As the current-gen of consoles has already seen the PS4 upgraded and overtaken by the PS4 Pro just a few years ago, fans may be sceptical as to just how large the jump between the two generations is.
With the PS5's release on the horizon, you may be wondering whether it's worth upgrading to next-gen, especially as many games are still releasing on the PS4.
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However, there are many differences between the two consoles. Here are the main ones.
PS4 vs PS5 Console Design
Both the Xbox Series X and PS5 departed from the design of their predecessors pretty significantly.
The PS5 opted for a two-tone black and white design, in contrast to the traditional all-black colour scheme of the PS4 and PS3.
The PS5 is also significantly larger than the PS4, which will hopefully help to prevent the console from overheating and overworking its fans.
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PS4 vs PS5 Games
While upcoming titles such as NBA 2K21, FIFA 21 and Cyberpunk 2077will be available on both the PS4 and PS5, this support won't last forever.
The PS5 is already hoarding exclusive titles that are sequels to the best PS4 games, including Horizon: Forbidden West and Spider-Man: Miles Morales.
Most PS4 games will also work on the PS5 at launch, with Sony confirming in a blog post they "believe that the overwhelming majority of the 4,000+ PS4 titles will be playable on PS5.”
However, for games that do come out on both consoles, it appears that next-gen games will be more expensive than those on the PS4 or Xbox One. This is based on the prices of NBA 2K21, which has an RRP of £59.99 for the PS4, and £64.99 for the PS5.
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PS4 vs PS5 Specs
This is where the differences really start to make a difference.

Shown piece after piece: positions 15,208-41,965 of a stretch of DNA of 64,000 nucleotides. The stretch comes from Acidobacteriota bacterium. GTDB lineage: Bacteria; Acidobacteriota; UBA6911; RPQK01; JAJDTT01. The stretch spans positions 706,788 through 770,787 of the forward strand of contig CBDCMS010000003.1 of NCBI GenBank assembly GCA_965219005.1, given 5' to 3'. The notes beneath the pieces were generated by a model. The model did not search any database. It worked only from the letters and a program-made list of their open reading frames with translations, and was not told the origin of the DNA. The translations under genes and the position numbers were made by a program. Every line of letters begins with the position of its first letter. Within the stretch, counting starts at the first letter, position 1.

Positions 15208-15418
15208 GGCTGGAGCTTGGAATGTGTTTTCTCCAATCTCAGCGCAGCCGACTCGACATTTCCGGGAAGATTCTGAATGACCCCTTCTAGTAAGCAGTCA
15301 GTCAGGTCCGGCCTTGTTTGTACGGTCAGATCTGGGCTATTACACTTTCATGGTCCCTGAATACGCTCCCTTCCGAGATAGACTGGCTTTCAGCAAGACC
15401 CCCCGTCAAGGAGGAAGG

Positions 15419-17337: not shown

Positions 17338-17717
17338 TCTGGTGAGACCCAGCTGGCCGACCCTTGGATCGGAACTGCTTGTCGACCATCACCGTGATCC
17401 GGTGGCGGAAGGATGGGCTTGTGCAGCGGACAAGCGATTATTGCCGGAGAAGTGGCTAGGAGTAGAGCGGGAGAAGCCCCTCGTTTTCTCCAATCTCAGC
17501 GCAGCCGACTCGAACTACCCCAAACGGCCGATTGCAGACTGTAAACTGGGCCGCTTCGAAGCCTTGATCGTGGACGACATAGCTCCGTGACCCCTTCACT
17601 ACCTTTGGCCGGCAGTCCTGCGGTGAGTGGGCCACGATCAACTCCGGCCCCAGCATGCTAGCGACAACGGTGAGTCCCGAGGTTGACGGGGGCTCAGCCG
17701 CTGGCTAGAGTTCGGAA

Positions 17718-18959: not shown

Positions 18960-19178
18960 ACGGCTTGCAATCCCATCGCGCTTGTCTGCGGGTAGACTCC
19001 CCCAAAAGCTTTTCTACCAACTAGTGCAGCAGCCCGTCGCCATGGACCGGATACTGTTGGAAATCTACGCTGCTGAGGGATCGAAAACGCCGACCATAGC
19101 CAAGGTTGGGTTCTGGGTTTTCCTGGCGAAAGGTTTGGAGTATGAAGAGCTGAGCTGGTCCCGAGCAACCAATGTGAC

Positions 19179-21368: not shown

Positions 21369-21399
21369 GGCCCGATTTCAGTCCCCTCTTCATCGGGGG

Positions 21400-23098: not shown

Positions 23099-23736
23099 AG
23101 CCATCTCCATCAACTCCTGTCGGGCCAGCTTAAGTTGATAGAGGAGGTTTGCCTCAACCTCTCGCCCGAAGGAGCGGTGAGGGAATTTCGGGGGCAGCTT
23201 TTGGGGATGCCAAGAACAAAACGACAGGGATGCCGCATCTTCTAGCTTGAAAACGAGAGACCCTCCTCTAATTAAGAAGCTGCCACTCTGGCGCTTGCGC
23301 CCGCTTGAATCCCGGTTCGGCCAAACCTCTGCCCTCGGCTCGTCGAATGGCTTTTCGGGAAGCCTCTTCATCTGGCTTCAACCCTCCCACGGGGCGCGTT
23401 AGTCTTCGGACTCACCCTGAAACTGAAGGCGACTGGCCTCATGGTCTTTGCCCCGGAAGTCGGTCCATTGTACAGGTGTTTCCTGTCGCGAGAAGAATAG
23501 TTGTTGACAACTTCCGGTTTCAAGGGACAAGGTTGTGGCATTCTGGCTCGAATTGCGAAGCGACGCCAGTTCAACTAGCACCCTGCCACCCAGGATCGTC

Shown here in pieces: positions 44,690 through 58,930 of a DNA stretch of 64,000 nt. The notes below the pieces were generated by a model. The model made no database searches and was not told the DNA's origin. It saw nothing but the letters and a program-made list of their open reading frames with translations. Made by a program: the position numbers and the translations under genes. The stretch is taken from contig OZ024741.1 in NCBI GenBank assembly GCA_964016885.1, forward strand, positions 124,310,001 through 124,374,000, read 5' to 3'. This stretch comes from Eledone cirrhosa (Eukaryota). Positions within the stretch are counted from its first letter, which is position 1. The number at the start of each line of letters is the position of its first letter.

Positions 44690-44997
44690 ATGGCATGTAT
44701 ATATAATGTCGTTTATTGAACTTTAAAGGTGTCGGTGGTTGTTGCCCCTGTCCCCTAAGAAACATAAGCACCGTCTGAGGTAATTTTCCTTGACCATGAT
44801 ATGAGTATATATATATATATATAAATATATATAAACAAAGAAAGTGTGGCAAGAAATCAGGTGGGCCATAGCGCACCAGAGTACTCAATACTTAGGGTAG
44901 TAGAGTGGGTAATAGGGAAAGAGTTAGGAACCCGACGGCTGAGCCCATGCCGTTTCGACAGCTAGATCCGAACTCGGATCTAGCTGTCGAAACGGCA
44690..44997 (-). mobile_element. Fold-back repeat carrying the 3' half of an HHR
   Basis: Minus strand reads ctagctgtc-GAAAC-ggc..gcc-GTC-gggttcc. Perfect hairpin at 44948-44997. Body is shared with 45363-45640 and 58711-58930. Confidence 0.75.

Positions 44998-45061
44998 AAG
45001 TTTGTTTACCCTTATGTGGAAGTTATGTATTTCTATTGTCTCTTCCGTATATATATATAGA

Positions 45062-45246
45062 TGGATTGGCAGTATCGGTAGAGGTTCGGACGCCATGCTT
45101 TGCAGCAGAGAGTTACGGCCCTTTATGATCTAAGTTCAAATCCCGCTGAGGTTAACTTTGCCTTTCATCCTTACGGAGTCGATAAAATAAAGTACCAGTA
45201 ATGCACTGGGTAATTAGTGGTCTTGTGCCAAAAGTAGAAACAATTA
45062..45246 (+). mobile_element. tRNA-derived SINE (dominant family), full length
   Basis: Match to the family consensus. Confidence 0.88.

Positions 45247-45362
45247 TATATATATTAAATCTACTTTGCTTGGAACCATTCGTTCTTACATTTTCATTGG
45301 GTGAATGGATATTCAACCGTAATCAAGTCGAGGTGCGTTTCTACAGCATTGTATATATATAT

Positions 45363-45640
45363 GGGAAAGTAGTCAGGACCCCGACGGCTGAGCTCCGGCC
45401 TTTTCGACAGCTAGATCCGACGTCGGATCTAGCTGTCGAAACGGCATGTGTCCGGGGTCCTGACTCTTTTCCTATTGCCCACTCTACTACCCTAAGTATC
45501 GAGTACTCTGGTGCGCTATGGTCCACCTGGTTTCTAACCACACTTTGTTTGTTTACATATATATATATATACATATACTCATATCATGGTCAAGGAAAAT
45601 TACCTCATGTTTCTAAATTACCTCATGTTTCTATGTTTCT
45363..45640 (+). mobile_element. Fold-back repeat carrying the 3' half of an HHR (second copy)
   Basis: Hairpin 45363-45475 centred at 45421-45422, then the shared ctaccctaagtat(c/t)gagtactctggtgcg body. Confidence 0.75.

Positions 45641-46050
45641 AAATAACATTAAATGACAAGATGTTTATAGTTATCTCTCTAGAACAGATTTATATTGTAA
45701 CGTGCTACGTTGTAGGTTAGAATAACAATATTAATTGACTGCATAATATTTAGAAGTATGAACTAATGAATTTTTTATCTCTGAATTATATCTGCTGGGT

We'll keep it simple here, but the PS5 boasts a significant CPU upgrade over the PS4 and PS4 Pro, with its cores running at up to 3.6GHz compared to the 1.6GHz in the base PS4.
Aside from this, the PS5 boasts a huge 10.3 Teraflop GPU compared to the PS4's 1.84.
It also has 16GBs of memory compared to the PS4's 8GB, and can be output in 4K, a feature missing from the PS4 (but included with the PS4 Pro).
The PS5's 825GB custom SSD also offers a huge improvement on the PS4's HDD. The custom SSD has fully optimised the bandwidth of the read/write speeds, allowing for even faster loading times.
READ MORE: PS5 technical specs: processing speeds, SSD details, backwards compatibility, and more info about the PS5 hardware!
PS4 vs PS5 Controller
PlayStation controllers have always stood out from the rather safe designs of the Xboxcontroller. The new DualSense controller, however, seems to be moving further towards the standard controller design compared to the DualShock.
Aside from the differences in colour, the DualSense opts for a more ergonomic design than its predecessor.
It also comes with a bunch of new features.
Haptic Feedback will replace the basic rumble of a PS4 controller, immersing players further into the gameplay by giving different kinds of feedback for separate activities such as wading through water.
The DualSense's adaptive triggers offer a similar experience but for aspects such as firing a bow or shooting a gun.
Aside from these two new features, the DualSense will include a built-in microphone and motion controls and uses USB-C to charge.
READ MORE: PS5 DualSense controller vs PS4 DualShock 4 controller: 7 massive changes (and 4 things that stayed the same)
Which is better?
There's no doubt about it, the PS5 is the better console. This is no surprise given the amount of progress made by gaming technology over the past five years.
Whether you buy a PS5 at launch, however, does not just depend on if the PS5 is better than the PS4. All this new technology comes at a high price, and while we do not yet know the cost of the next-gen consoles, we expect it won't be cheap.
READ MORE: Will there be a PS5 Pro at launch?